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Iran’s Military Strength Relies Partly on Nonstate Actors > U.S. DEPARTMENT OF DEFENSE > Story

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Iran relies in part on terrorist organizations, proxy groups and militant partners to protect its interests and to further its agenda of expanding influence in the Middle East, a defense official said.

Christian Saunders, a senior Defense Intelligence Agency analyst for Iran, spoke to Pentagon reporters today ahead of the release of the new report titled “Iran Military Power” — the third in a series that also includes China and Russia. 

“As Tehran expands its capabilities and role as both an unconventional and conventional threat in the Middle East, it is more important than ever that we understand Iran’s military power and the threat it poses to our interests, our allies and our security,” Saunders said.

The use of unconventional capabilities, including the use of partners and proxies, is one of three core capabilities the Iranian regime uses to ensure its own survival and secure a more dominant position in the region, Saunders said. 

“The Islamic Revolutionary Guard Corps Qods Force, Iran’s primary tool for unconventional operations, maintains a wide network of nonstate partners, proxies and affiliates throughout the region,” Saunders said.

To advance their agenda, Iran, he said, provides financial, political and material support, as well as training, to groups that include Hezbollah, Iraqi Shia militias, the Houthis, some Palestinian groups, the Taliban and Bahraini Shia militants.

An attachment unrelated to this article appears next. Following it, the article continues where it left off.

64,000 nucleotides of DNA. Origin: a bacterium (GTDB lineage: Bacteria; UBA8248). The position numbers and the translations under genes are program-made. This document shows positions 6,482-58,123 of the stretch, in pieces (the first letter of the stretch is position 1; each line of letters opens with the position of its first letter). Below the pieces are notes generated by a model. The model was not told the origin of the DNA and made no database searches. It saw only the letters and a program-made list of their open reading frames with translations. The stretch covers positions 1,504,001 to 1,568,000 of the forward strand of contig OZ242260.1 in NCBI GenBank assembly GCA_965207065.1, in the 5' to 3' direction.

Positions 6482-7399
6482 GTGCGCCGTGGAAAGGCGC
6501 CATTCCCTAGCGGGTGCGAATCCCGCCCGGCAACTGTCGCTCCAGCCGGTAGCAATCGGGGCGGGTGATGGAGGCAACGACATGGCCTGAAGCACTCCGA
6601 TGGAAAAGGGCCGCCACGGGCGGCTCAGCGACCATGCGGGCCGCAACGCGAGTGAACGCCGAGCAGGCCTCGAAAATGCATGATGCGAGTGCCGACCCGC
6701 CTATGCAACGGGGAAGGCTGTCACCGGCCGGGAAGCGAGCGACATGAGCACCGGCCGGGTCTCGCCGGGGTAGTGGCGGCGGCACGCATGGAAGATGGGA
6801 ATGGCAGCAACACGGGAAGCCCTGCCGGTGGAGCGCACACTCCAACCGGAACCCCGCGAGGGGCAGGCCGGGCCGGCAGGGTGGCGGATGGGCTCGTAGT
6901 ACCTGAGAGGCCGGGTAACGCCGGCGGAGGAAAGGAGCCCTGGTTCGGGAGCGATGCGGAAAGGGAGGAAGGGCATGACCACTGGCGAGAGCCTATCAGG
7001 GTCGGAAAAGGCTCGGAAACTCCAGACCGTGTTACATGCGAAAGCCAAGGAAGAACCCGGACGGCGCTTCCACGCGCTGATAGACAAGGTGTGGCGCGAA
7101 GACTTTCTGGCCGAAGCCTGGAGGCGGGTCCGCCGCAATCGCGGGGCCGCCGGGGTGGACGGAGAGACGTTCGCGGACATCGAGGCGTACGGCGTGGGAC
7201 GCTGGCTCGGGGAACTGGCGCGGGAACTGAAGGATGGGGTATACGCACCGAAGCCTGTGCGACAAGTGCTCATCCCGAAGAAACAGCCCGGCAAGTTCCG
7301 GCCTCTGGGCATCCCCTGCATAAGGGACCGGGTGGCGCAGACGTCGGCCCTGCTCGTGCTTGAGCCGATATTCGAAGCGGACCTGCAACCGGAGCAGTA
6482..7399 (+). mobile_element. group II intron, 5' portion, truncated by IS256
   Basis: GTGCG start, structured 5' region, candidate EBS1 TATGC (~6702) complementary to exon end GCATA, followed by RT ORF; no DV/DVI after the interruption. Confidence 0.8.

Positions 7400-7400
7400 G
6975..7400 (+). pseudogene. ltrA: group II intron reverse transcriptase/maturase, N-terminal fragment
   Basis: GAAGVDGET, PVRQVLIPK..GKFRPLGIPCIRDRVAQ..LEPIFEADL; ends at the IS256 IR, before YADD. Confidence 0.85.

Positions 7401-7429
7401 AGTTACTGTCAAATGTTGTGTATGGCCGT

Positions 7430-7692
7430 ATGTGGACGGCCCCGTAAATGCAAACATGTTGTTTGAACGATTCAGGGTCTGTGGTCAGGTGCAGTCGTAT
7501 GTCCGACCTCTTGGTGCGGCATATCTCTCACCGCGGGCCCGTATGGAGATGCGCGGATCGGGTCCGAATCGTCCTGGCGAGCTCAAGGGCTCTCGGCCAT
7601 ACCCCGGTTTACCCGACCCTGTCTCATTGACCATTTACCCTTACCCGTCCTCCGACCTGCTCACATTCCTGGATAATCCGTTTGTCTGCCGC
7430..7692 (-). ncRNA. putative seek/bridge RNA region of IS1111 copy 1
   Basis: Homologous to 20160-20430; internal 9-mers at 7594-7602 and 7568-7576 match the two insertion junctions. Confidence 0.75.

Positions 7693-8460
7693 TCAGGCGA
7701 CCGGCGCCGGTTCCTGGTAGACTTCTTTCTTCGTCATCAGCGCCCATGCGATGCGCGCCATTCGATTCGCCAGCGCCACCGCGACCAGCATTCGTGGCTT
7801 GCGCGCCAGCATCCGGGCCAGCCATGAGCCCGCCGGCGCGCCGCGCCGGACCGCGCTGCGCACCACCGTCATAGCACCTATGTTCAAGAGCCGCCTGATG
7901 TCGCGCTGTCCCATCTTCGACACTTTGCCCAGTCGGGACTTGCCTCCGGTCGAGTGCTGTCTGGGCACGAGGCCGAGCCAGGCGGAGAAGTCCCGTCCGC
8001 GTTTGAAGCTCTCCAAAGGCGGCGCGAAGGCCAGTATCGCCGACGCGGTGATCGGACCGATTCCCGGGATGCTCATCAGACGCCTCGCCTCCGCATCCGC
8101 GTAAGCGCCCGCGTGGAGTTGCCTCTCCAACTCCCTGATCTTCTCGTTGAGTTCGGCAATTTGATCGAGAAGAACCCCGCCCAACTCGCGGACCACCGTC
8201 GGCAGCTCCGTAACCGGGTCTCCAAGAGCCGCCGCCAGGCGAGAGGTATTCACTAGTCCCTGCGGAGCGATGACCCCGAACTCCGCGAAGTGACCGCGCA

Ballistic missiles also play a substantial role in the Iranian military effort. Iran has the largest cache of ballistic missiles in the Middle East, Saunders said. 

With an antiquated military, he said, missiles play a large role in the Iranian military effort.

“Iran has embraced ballistic missiles as a long-range strike capability to dissuade its adversaries from attacking Iran,” he said, adding that Iran’s arsenal includes short, medium and long-range ballistic missiles that can strike targets throughout the region as far as 2,000 kilometers away.

Saunders said he expects Iran will focus now on increasing the number of more accurate and lethal ballistic missiles, as well as fielding land-attack cruise missiles. Its space launch vehicle program, he said, might also serve as a test bed for the development of intercontinental ballistic missile technology.

Iran is strategically positioned along the Persian Gulf and the Strait of Hormuz and  maintains naval forces capable of threatening navigation in those strategically important waterways, Saunders said.

“Iran’s naval capabilities emphasize an anti-access, aerial-denial strategy,” Saunders aid.  “Iran’s layered maritime capabilities emphasize asymmetric tactics using numerous platforms and wagons intended to overwhelm an adversary’s naval force.”

Those capabilities include ship- and shore-launched anti-ship cruise missiles, small boats, naval mines, submarines, unmanned aerial vehicle, anti-ship ballistic missiles and air defenses, he said. 

Saunders said Iran’s continued use of cyber capabilities as a safe, low-cost method of collecting intelligence is a concern to the U.S. — and it’s something they continue to improve on.  

He also said that, while Iran has no nuclear weapons, it continues to ignore commitments it made as part of the Joint Comprehensive Plan of Action. 

Sanders said in July, the International Atomic Energy Agency confirmed Iran had exceeded limits it agreed to as part of the joint plan of action.

Additionally, he said that while now Iran is prohibited from buying most kinds of weapons from foreign powers due to a United Nations security resolution, that limit will expire in October.

That expiration provides Tehran with an opportunity to acquire some advanced capabilities that have been beyond its reach for decades, Saunders said.



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